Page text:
I know a Pole in the UK who came post-2004 that brings coke from Poland to the UK - he finds the British formula isn't sugary enough for him.

Polish meats & pierogi are not commercially processed

They're certainly commercially processed in Poland. Supermarket meat is injected with water (and is high in growth hormones, antibiotic traces etc. Also most pierogi are factory made rather than home-made. The rise of processed foods in Poland is dramatic.
Roger5 1 | 1,458
20 Aug 2017 #23
Supermarket meat is injected with water

I used to proofread a Polish meat trade journal. The editor once said that when he started in the business back in the 70s they would take 100kg of pork and get 85kg of ham from it. Now they take 100kg of pork and get 120 kg of ham.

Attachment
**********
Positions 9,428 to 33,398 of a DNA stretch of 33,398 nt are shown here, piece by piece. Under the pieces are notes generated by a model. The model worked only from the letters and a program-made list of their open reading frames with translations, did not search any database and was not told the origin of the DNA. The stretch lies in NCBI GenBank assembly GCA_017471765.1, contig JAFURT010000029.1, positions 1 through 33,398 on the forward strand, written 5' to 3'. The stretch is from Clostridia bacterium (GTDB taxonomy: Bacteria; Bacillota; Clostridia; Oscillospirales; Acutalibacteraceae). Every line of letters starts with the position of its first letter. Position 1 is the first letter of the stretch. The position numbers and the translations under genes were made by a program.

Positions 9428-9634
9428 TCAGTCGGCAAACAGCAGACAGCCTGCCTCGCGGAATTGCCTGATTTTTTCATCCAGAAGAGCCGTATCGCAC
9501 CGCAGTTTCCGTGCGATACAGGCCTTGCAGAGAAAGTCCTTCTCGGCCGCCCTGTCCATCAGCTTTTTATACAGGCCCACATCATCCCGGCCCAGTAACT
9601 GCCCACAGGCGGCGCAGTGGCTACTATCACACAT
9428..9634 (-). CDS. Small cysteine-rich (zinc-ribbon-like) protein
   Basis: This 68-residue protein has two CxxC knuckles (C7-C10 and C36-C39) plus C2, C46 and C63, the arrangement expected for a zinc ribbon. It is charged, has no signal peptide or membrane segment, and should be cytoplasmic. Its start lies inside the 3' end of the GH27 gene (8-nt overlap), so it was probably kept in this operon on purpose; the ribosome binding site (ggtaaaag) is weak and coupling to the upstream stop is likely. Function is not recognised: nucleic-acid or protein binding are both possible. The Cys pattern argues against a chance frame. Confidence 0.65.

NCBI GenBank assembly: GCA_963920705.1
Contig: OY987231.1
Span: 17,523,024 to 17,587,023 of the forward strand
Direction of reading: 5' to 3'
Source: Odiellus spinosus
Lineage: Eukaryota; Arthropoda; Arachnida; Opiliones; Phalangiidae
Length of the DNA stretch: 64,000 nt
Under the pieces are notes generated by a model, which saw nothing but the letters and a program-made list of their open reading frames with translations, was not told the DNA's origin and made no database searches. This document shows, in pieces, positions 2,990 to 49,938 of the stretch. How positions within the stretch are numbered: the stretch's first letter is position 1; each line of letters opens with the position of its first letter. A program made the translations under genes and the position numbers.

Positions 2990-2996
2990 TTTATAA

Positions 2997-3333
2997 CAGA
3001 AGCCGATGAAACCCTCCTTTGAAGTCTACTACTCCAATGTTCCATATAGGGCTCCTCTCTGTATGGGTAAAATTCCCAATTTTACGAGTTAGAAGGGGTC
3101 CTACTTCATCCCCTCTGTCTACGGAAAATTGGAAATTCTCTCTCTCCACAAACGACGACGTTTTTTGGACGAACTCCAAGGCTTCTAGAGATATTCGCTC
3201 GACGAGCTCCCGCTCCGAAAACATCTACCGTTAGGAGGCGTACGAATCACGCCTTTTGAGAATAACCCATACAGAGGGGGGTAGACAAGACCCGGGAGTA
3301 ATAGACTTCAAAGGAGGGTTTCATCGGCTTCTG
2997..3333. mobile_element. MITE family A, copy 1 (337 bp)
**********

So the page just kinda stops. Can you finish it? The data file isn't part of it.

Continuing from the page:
johnny reb 28 | 4,974
20 Aug 2017 #24
They're certainly commercially processed in Poland.

Thank you jon for enlightening me on that.
Just seems that the local Polish shops around where I live "make it look like" the imported meats and pierogi's are hand processed from Poland which makes them look much more appetizing. (and expensive)

Now they take 100kg of pork and get 120 kg of ham.

Same with ground beef here Roger.
Big stores will grind in ice to bulk the weight.
Get it home and thaw it (yuk) and then try to prove it.
Joker 2 | 1,549
20 Aug 2017 #25
Soda pop is the #1 killer these days. (Average of 34 grams of sugar per 12 oz. !)

They just implemented a one penny per ounce beverage tax on all sugary drinks in Cook County where I live. I don't care because of the high rate of diabetes and other health issues it causes. There is a lot of whining and protesting coming from the food stamp freeloaders. Geez!

I like water, lots of water, and Piwo!!
johnny reb 28 | 4,974
20 Aug 2017 #26
For example, the Coca-Cola in Poland is much more sugary than that in the UK or Germany.

Very true as the Pepsi is so sweet in Jamaica that I had to start drinking rum and tonic instead of rum and pepsi.
I didn't want to, I had to. :-)